Pyramid of Unas

Old Kingdom, Dynasty IV; 2494-2345 BCE




Unas was the last of a line of Vth Dynasty kings whose small pyramid (originally only about 18 1/2 meters high) is typical of the diminished size of later pyamids. His pyramid lies in ruins but its importance can not be underestimated for in its underground burial chambers are the earliest Egyptian funerary texts, carved in long columns of hieroglyphs on the walls. These are known as the Pyramid Texts, originally a literature reserved for kings but after the fall of the Old Kingdom, the texts began to appear on the coffins of noblemen and high officials as well .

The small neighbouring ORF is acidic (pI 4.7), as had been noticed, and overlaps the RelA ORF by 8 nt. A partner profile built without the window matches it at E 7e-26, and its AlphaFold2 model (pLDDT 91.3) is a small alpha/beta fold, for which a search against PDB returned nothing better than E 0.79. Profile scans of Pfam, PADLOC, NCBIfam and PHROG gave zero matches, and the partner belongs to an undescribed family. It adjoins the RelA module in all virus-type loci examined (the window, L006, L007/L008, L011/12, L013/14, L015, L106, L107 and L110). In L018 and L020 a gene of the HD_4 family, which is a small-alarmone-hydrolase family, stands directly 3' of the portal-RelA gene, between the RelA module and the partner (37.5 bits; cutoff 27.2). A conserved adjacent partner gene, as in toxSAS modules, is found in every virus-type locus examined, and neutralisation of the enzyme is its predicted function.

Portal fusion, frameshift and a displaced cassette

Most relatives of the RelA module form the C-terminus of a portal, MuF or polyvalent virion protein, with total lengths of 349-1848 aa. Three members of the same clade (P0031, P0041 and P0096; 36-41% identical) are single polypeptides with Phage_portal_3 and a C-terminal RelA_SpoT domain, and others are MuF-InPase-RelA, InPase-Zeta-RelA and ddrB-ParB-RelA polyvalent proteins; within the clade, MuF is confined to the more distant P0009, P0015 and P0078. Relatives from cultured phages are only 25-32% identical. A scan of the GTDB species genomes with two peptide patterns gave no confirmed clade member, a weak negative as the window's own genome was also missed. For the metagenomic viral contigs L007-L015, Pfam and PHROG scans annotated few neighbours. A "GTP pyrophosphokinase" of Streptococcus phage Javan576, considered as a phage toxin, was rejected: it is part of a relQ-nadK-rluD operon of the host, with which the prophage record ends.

From the northeast

Near the eastern face a small mortuary temple once stood. The pyramid is entered by a passage in the north face.
 
A causeway leads from the ruined mortuary temple to a valley temple, also in ruins. Some sections have been reconstructed. Two dummy boats were also excavated from pits near the causeway. (See the "solar boat" at Giza.)
The roof was cleverly designed with a central angled slit in order that indirect light could shine on the walls, which were originally inscribed and painted. The angled slit also prevented rain from harming the decoration.




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© 2001 Mary Ann Sullivan. I have photographed (on site), scanned, and manipulated all the images on these pages. Please feel free to use them for personal or educational purposes. (I would appreciate being told if you find them useful.) They are not available for commercial purposes without my explicit permission.

Page maintained by Mary Ann Sullivan, sullivanm@bluffton.edu